I can pinpoint the exact moment that I began to question how public relations professionals are framed on screen. I was on Twitter and spotted a trailer for Flack, a show starring Anna Paquin as a publicist dealing with her unruly clients. Her methods coping seemed to include aggression, day drinking and the occasional illegal substance. Cool.
I was baffled at first, and then came the realisation that actually, a lot of professions are amped up in the name of airtime. I’m not sure every nurse would watch Casualty and think, “wow yeah, they nailed that!”, 100 percent of the time.
However, after this fleeting moment of understanding I came to the conclusion that actually, PR isn’t just misrepresented on screen, the PRs are usually the villain or at the very least, are the most selfish in the room. The morally corrupt, trying to cover up, twist and spin equally morally corrupt activities of the rich and famous.
The origin story
It’s ironic that a profession that is based on building and protecting reputation has its own image problem. Often written as damaged and corrupt with a questionable moral compass, there’s a queue of fictional PRs that are seen as schemers that exist solely to brush mistakes under the rug.
Edward Bernays, a pioneer of PR and nephew of Sigmund Freud, once said that “the three elements of public relations are practically as old as society: informing people, persuading people, or integrating people with people.”
Bernays has long been regarded as the “father of public relations”, engineering PR behind war efforts and coups. But before his time, a time before carefully crafted copy and media strategy – in the time of vying for the crown, spreading theories about planetary alignment and citing a divine right to do this and that – there was propaganda. The biggest villain of all.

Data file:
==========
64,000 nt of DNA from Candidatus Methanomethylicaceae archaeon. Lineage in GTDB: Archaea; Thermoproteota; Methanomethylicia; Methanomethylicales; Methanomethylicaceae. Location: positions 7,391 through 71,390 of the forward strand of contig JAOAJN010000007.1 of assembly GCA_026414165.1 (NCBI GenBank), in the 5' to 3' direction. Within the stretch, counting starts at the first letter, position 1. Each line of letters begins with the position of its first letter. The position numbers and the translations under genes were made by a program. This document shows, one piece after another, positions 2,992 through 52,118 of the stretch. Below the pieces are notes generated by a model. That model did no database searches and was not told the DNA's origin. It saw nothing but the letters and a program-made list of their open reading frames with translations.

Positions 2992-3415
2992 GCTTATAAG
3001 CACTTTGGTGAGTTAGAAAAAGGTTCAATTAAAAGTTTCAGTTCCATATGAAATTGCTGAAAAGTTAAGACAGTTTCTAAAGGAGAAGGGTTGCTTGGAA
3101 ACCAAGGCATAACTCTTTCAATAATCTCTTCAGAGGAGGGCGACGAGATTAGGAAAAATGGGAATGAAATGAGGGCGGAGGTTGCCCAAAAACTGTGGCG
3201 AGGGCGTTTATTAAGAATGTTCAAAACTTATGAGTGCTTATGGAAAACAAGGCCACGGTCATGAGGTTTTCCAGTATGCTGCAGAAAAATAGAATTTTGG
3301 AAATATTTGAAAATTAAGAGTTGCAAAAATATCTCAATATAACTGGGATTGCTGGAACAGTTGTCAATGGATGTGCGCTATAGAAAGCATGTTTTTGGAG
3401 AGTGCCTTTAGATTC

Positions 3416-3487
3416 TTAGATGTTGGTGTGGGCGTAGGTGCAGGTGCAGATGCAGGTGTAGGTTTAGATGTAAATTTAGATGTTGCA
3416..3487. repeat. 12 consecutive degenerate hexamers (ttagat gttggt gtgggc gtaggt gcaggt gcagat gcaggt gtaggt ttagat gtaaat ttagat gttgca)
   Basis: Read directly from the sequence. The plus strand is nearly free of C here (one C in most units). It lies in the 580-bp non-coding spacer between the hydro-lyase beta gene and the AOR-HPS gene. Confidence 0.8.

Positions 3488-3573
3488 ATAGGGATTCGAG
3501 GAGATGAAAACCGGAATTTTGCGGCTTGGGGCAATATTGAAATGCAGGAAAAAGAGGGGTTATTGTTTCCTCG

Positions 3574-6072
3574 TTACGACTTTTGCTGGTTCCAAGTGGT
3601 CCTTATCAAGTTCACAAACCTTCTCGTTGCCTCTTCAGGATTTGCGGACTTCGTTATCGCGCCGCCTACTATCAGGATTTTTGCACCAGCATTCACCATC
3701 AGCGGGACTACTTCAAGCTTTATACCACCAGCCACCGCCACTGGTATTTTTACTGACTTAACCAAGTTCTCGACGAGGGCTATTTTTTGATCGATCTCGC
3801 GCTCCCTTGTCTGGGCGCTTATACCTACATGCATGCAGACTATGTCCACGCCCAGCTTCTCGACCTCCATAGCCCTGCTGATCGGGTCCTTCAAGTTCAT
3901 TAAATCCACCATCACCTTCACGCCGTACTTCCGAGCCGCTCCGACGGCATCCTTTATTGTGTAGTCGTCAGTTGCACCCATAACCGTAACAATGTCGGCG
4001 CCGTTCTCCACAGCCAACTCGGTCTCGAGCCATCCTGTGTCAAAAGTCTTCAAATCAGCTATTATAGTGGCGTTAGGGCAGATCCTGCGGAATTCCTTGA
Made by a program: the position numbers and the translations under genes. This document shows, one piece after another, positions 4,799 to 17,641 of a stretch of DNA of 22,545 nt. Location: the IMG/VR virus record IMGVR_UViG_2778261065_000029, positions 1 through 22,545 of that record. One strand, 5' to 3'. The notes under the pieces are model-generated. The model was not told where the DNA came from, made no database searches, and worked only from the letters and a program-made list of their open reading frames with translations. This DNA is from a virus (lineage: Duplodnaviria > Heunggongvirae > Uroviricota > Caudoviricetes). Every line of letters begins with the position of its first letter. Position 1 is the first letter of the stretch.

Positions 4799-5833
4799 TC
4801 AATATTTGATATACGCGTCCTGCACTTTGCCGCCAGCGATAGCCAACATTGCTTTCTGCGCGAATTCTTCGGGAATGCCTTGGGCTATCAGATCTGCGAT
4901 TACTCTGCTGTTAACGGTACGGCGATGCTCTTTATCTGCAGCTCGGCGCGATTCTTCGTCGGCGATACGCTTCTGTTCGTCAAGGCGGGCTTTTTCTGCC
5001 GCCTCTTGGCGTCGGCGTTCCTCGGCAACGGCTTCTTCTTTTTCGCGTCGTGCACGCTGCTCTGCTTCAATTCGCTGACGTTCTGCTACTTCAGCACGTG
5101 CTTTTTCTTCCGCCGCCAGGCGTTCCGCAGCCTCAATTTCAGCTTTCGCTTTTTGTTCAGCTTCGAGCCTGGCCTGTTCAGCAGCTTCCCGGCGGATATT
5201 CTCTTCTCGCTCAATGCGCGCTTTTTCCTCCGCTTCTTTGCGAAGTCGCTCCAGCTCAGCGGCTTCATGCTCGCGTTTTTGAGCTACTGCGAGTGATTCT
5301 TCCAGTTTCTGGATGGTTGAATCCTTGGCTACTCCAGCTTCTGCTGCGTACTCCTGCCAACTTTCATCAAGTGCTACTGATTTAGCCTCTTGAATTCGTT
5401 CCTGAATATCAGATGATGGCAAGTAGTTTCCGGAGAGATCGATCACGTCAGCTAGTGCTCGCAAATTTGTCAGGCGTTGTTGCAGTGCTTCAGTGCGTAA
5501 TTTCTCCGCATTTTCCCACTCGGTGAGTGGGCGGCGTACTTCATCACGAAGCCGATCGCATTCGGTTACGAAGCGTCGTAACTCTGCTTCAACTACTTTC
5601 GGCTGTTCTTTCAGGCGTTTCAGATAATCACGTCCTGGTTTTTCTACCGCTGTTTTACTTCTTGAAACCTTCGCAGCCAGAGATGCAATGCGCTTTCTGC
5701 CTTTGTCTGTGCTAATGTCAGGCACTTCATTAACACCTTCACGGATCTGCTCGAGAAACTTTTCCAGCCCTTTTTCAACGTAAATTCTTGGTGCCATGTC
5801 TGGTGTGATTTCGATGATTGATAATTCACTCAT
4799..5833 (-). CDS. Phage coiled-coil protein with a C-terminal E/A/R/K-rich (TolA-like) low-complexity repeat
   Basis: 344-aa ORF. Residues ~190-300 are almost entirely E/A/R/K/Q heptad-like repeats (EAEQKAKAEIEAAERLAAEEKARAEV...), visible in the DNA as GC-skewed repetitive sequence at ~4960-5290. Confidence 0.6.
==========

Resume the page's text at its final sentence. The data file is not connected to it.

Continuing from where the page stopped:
Persuasion and public favour dates back to kingdoms and political powers from the beginning of civilisation. The very act of promoting the right to lead was found in ancient civilisations and early communities across the world.
Want to be leader of your village? Persuade the people. Want to show that you have a divine right to be crowned monarch? Highlight your magical or religious authority to do so. Despite the lack of instant communications, ideas and stories spread across cultures and continents to manipulate public opinion to help or hinder a person, cause or institution.
Fast forward to the 20th century when public relations became a professional field (although there’s some debate when the profession materialised), and you can find reams of advertising materials, marketing campaigns and fantastic – and not so great – examples of public relations employed by businesses, organisations and political parties.
But over the past century, this idea of propaganda, of manipulation, of hoodwinking en masse to achieve an aim, has never really gone away and as a result, has bled into our media landscape. This has ironically fed the reputation of PRs as being fixers, dabbling in creativity and illegality to lie to the press and the public, often with a drink in hand.
Poisonous publicists are rife across cinema and TV, and PR seems to be the ideal profession for a protagonist that knows everyone and everything while having a touch of glamour or grit. Their selfish behaviour comes without repercussion in a lot of cases, always coming out favourably as they cover up and connive.
They’re portrayed as powerful, holding secrets and wielding lies to manipulate anyone they cross paths with. That’s how good they are. But not really. There have been some prime examples in the last couple of decades which just goes to show that the stereotype has a long way to go before it truly dies.
- Samantha Jones, Sex in the City – Glamorous and well connected, Samantha is either at the hottest party in town or running it. While Samantha is more opportunistic than a blatant villain, she uses her position for personal gain. She’s a walking stereotype, fuelling misconceptions about real life PR that boils down to schmoozing at the bar and… not doing any work? Sign us up.